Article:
Jason de Haan is a multidisciplinary artist living and working in Calgary. His work has been shown in group exhibitions in Canada, the USA, Ireland, Mexico, Sweden and the UK. Past solo projects have been presented at Stride Gallery, Galerie Sans Nom, Lump Gallery/Projects, and at Museo Regional in Queretaro, Mexico. He has recently participated in the exhibition Sleepless Nights at Galleri Kling & Bang in Reykjavik, Iceland, presented THE END IS NEAR HERE IS NEAR THE END, a large scale public text work with Scott Rogers, at Nuit Blanche and presented solo exhibitions at Clint Roenisch Gallery and at Access Gallery as part of the Vancouver 2010 Cultural Olympiad program. Upcoming solo exhibitions include ODD Gallery and The Khyber ICA. In addition to participating in past residencies at the Klondike Institute for Art and Culture and The Banff Centre, Jason de Haan is a member of the collective UGIV and, with Scott Rogers, is co-director of Pocket Projects, an artist multiple commissioning project.
“My work concerns itself with connections between the poetic, metaphysical, conceptual and absurd, often manifesting itself as a combination of sculpture, installation, performance, drawing and bookworks. As an ongoing practice it strives to recognize the potential in various systems, materials and sets of conditions. Recent projects, including New Jerusalem and an ongoing series, Salt Beard, have continued these explorations into fi elds of temporal displacement and messianic longing. New Jerusalem takes its name from the biblical account of the ‘City of God’ descending from the heavens in the Book of Revelation and is a series of large-scale collages composed from the deconstructed book covers of several thousand 60s and 70s era pulp science fiction novels. By extracting both architectural and landscape details from these individual book covers and reconstructing them to form a fully integrated fl oating city/planet, the works ask not only about possible futures but also about sustainability, experimental architectures, socio-political conditions, and the power of imagining. The Salt Beard series, mineral growths deposited on the busts of a range of figures, are based partly on the story of Rip van Winkle — the Washington Irving character who fell asleep for twenty years. This project seeks to re-animate material, persona and style, allowing sculpture and representation to exist again as new, while simultaneously looking both forward and backward through time.”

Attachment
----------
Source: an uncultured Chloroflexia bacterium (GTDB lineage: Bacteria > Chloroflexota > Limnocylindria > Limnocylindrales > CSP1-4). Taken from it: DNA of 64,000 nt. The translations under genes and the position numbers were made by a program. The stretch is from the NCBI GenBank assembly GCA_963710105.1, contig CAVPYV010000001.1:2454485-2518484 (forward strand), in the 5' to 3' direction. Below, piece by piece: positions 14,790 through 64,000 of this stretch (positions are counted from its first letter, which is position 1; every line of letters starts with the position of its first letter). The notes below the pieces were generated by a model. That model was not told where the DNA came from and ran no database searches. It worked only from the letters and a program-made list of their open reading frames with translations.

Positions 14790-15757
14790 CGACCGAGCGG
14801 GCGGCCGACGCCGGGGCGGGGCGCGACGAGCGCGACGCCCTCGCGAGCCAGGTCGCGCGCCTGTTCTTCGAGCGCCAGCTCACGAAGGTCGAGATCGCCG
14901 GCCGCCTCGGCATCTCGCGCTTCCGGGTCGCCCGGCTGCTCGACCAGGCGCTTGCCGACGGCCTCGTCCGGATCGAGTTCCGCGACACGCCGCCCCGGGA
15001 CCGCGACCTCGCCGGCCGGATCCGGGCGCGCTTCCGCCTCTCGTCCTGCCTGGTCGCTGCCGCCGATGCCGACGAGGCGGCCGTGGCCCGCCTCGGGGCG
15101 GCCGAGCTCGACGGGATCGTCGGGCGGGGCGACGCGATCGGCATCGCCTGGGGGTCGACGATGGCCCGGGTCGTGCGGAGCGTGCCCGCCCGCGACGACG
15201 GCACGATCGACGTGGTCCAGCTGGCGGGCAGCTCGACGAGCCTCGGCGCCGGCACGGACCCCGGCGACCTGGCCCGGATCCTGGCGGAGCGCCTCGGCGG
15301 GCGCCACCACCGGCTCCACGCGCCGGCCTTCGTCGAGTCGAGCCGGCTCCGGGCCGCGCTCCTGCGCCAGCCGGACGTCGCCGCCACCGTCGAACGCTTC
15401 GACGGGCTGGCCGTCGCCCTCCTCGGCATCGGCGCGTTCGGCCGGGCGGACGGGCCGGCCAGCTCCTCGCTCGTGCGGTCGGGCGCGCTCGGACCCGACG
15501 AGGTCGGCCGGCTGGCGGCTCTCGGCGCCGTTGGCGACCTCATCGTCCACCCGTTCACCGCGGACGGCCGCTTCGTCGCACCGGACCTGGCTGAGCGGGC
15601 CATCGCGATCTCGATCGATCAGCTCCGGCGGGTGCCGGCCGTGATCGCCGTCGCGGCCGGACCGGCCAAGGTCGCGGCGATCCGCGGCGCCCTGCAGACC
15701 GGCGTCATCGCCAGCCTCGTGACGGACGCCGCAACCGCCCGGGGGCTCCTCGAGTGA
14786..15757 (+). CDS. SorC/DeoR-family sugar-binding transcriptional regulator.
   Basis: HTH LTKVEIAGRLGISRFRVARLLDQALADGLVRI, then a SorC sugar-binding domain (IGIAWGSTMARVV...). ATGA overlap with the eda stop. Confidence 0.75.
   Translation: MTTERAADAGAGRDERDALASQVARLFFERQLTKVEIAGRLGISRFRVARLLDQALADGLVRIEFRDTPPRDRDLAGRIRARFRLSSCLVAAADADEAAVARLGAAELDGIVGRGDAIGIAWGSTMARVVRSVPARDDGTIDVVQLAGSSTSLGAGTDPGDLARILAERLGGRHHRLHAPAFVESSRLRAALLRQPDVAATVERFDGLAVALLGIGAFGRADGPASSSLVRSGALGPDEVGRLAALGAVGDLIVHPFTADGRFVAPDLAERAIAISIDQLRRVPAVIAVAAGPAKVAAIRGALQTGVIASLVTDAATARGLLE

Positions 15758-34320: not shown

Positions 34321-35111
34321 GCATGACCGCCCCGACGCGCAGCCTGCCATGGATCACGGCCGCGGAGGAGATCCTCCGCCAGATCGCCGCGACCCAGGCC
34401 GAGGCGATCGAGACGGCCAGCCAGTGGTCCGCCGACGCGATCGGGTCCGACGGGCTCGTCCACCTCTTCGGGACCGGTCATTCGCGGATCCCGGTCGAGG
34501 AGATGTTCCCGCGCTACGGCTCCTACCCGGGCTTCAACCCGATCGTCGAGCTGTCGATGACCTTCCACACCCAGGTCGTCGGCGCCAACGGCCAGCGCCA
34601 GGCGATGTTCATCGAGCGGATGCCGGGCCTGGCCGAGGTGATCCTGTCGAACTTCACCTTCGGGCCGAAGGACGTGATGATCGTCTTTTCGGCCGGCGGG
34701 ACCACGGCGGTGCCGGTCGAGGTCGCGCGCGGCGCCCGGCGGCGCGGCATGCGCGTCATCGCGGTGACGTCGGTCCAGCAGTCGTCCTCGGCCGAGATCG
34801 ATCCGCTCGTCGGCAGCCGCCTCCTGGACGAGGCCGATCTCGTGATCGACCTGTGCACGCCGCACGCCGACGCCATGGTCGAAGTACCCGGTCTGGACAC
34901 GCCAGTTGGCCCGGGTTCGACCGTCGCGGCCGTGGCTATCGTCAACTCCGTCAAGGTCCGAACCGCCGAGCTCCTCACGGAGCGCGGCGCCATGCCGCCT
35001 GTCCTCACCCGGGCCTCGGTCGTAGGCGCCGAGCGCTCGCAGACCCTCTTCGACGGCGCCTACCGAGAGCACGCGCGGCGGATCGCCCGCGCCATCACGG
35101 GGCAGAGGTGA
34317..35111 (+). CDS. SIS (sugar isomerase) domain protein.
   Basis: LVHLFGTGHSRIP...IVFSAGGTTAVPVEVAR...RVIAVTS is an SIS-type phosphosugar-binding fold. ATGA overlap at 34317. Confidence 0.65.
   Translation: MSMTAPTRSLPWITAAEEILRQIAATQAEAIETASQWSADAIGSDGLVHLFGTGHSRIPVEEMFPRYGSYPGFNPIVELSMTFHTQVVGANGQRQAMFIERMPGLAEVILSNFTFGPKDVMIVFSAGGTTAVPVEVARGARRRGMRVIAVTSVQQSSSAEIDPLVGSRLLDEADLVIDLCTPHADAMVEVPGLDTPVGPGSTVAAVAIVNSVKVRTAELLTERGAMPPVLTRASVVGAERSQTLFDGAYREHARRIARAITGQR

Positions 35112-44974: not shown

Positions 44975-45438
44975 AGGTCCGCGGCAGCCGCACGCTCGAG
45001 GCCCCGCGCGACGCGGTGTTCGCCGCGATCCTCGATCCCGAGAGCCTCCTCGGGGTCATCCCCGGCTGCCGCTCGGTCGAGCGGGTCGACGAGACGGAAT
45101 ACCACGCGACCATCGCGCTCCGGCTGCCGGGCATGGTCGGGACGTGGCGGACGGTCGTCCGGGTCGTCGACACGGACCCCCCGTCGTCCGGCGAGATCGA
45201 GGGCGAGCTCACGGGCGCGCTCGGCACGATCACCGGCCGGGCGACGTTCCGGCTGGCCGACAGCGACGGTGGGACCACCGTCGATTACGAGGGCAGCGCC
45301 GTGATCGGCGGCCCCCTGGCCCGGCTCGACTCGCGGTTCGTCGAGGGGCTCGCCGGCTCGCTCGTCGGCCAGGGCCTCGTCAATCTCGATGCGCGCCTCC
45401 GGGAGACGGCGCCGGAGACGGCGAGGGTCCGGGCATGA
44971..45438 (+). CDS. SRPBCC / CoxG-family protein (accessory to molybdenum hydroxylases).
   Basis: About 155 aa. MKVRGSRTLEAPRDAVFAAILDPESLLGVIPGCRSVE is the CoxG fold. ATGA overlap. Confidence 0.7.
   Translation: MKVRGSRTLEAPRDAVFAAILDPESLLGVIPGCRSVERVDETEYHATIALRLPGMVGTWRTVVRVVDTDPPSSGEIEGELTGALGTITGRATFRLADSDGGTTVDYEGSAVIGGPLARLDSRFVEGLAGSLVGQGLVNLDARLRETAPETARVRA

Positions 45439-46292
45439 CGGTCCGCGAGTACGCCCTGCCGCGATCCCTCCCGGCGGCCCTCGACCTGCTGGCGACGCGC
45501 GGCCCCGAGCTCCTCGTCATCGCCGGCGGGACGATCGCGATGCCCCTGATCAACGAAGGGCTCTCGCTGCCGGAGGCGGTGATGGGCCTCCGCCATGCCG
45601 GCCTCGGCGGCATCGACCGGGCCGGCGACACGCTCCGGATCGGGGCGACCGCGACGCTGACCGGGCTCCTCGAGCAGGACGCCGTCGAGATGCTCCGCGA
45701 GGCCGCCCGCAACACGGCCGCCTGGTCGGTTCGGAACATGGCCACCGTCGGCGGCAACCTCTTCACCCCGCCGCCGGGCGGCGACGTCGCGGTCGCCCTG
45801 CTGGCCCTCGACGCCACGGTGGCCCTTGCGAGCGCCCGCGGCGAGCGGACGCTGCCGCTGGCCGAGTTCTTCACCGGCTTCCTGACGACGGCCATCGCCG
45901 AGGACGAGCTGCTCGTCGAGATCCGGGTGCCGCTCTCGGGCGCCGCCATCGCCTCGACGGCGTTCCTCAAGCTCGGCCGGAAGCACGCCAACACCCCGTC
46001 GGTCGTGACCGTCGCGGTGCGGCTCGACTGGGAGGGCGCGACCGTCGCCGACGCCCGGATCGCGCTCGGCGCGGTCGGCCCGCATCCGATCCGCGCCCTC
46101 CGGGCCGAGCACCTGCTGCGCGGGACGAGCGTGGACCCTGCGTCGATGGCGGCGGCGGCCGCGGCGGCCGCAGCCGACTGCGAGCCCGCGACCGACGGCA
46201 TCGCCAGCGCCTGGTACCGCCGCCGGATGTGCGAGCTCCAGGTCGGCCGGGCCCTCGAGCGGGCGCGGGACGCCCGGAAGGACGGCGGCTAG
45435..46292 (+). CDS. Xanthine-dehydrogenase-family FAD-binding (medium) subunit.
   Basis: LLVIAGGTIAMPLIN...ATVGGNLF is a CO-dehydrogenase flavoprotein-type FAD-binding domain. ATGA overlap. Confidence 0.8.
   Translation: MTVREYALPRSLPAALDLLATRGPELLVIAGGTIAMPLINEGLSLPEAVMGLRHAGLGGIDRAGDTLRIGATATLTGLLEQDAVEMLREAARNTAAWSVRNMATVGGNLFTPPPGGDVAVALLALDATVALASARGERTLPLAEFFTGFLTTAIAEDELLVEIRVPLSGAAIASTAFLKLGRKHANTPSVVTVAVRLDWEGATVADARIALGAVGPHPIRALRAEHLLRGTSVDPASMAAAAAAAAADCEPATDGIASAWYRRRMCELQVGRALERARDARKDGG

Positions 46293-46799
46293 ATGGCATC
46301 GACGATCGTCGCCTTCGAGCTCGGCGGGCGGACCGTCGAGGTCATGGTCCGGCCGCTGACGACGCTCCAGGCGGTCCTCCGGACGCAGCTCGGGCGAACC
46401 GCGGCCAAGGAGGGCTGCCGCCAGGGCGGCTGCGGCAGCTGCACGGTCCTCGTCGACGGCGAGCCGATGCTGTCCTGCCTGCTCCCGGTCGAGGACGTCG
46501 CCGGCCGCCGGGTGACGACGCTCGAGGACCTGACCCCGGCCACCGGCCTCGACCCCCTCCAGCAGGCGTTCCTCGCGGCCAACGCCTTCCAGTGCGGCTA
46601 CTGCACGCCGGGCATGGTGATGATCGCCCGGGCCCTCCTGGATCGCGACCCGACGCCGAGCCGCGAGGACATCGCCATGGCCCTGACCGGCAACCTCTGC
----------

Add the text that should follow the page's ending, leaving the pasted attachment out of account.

Jason de Haan
Jason de Haan, Salt Beard, 2010. Found marble bust, salt, steel. Courtesy of Clint Roenisch Gallery.
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